Flatpack Nightmares: The Five Most Common Assembly Mistakes Customers Make

It’s tough out there. A home and garden war zone. According to research by Oak Furniture the UK would appear to be a casualty-strewn flatpack battlefield.

East Anglian citizens tend to be the most cautious – or lucky? – with only 6% sustaining an injury during the construction of a furniture piece”, they tell us. With “West Midlanders the most accident prone”, nearly 18% getting a bump on the head.

The Scots and Yorkshire folk aren’t too far behind with 15% on the receiving end of something unpleasant.

And it’s not just skin and bone that ends up damaged. Relationships suffer too with, “Heated arguments between friends and couple leading to the abandonment of nearly 18% of UK flat-pack projects.” Particularly in Northern Ireland where 33% of residents admit to having a bust-up over the assembly (or non-assembly of a product).

The report continues, “Others admitted to ‘needing help from someone with a better understanding (of flat-pack assembly) to help’, struggling with ‘Foreign instructions’ and ‘realising they were totally cack-handed’. 55% of people have abandoned flat-pack furniture products due to them being too difficult to complete”.

Madness!

Hardly surprising madness though as according to research only half of 18-24 year olds even read the instructions. Of those over 55, a more credible 77% do the right thing.

Common Mistakes

So what are the five most common assembly mistakes that customers make?

  1. First and foremost has got to be the one just mentioned. Failing to read instructions. Maybe home assemblers can’t be bothered to start with, maybe they lose them, maybe they simply fail to understand them or the instructions are unintelligible. Whatever the reason the results are invariably less than ideal. A long, slow, frustrating and sometimes painful flatpack fail.

Advice: Read the instructions. Pay attention. Follow. Or find someone who knows what they’re doing.

  1. You know the old adage - ‘A bad workman blames his tools’? They do. But if the tools aren’t right for the job in the first place the project is surely doomed to fail. Rather than just steaming into an assembly take a little time to gather the right tools for the job. The right sized screwdrivers, a hammer perhaps, a pencil, a spirit level. Chances are you’ll get some sort of allen key with the pack but is an allen key all you’ll need to get that wardrobe or chest of drawers up and running? Probably not.

Said Abraham Lincoln, “Give me six hours to chop down a tree and I will spend the first four sharpening the axe.” The guy had a point. Preparation, preparation, preparation.

Advice: Prepare. Sharpen that metaphorical axe.

  1. And your preparation should also extend to location, location, location - making sure that when you’re ready to assemble that you’re doing it with sufficient room to man- (or woman-) handle pieces of wood, swing a hammer and generally get your creativity on. If you’re constantly having to shift other furniture around or find yourself working at weird and wonderful angles, constantly struggling to find the elbow room to get the job done, then you’re likely to get frustrated. What might have been difficult project in the first place can end up impossible.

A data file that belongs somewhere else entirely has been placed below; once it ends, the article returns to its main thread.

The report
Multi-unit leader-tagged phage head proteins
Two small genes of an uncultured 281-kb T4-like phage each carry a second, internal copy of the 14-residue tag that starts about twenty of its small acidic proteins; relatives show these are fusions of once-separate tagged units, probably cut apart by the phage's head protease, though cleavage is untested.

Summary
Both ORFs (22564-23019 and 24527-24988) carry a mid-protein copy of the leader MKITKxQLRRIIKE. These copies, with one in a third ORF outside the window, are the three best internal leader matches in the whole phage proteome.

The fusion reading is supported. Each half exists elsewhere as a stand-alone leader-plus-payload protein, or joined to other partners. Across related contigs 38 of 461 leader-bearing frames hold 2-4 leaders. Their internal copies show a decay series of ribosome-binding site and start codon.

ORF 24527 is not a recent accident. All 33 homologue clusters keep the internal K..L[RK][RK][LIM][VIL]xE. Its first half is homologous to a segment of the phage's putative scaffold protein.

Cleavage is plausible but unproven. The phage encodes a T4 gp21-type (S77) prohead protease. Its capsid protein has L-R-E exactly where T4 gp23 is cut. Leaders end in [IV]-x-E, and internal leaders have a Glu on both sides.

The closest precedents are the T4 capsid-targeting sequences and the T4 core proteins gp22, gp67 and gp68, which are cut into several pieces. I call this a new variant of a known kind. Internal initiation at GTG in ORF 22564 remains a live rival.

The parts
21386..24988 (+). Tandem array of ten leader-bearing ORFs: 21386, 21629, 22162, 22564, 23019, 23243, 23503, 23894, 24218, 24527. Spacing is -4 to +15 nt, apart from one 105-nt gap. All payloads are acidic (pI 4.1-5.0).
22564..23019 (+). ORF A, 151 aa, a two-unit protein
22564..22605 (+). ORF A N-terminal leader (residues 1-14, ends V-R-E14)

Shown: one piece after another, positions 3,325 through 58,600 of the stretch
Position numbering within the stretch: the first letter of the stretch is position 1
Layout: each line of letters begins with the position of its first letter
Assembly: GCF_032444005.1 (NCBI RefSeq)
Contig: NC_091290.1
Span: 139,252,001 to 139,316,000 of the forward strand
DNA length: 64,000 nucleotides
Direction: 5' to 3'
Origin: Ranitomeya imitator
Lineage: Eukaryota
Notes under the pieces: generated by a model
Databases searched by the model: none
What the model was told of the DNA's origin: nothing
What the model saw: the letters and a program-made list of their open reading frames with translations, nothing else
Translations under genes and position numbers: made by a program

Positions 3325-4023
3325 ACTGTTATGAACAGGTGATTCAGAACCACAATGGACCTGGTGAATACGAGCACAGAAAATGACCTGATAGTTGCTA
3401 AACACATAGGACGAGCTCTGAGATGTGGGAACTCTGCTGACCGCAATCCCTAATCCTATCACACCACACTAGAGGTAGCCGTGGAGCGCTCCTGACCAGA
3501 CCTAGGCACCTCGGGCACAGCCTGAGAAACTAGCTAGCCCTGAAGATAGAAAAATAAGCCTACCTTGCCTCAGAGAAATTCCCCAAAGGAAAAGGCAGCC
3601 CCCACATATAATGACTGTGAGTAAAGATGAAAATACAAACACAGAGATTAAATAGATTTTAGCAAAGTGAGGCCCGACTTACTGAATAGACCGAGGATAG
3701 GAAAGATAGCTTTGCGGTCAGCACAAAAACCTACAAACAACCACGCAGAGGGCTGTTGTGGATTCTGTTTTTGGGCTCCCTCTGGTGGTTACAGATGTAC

Advice: Clear some suitable working space.

  1. ‘If it don’t fit don’t force it” sang Kellee Patterson a long time ago. Wise words Kellee, wise words. Wise words that too many flatpack assemblers are only too quick to not take heed of. Shoving, pushing, whacking and smashing furniture together into ways it really isn’t designed to be shoved, pushed, whacked and smashed. If it feels wrong, it probably is. And anyone who doesn’t think that a piece of flatpack furniture hasn’t been meticulously designed, fabricated, tried and tested should think again. It has. That’s why if you follow the instructions properly it fits together properly. It’s a natural law - whatever our frustration might tell us on occasions.

Advice: Sometime you can try too hard. You don’t have to. Just try right. Go with the flow and trust the fact that many, many people will have properly assembled the exact same piece before - you can too - just believe.

  1. The fifth piece of advice? Time. Make sure you have sufficient time put aside to your assembly and don’t end up trying to hammer through it. The last thing any piece of furniture needs is to be rushed. You’ll quickly end up in forcing it territory. And remember, if this is your first foray into flatpack or if it’s something that doesn’t come naturally, or if you despise it and are only doing it because there’s nobody to do it for you then you’ll need more time that someone experienced or with a passion for assembly.

Advice: Delegate to save time and sanity.

Because yes -  as odd as it sounds, people who can help do exist. Experienced, passionate, professional  flatpack furniture assemblers, ready and waiting to leap to the assistance of anyone lacking the time, tools, space, confidence or simply the will to do it themselves.

As luck would have it. We have a team of them. Country-wide and primed to solve your flatpack frustrations. What they don’t know about flatpack assembly, the intricacies, the pitfalls, the preparation really isn’t worth knowing. What they can achieve for you quickly, cost effectively, politely and professionally certainly is.

Advice: Drop us a message or call.

All the money saving, design benefits of flatpack with none of the hassle. Simple.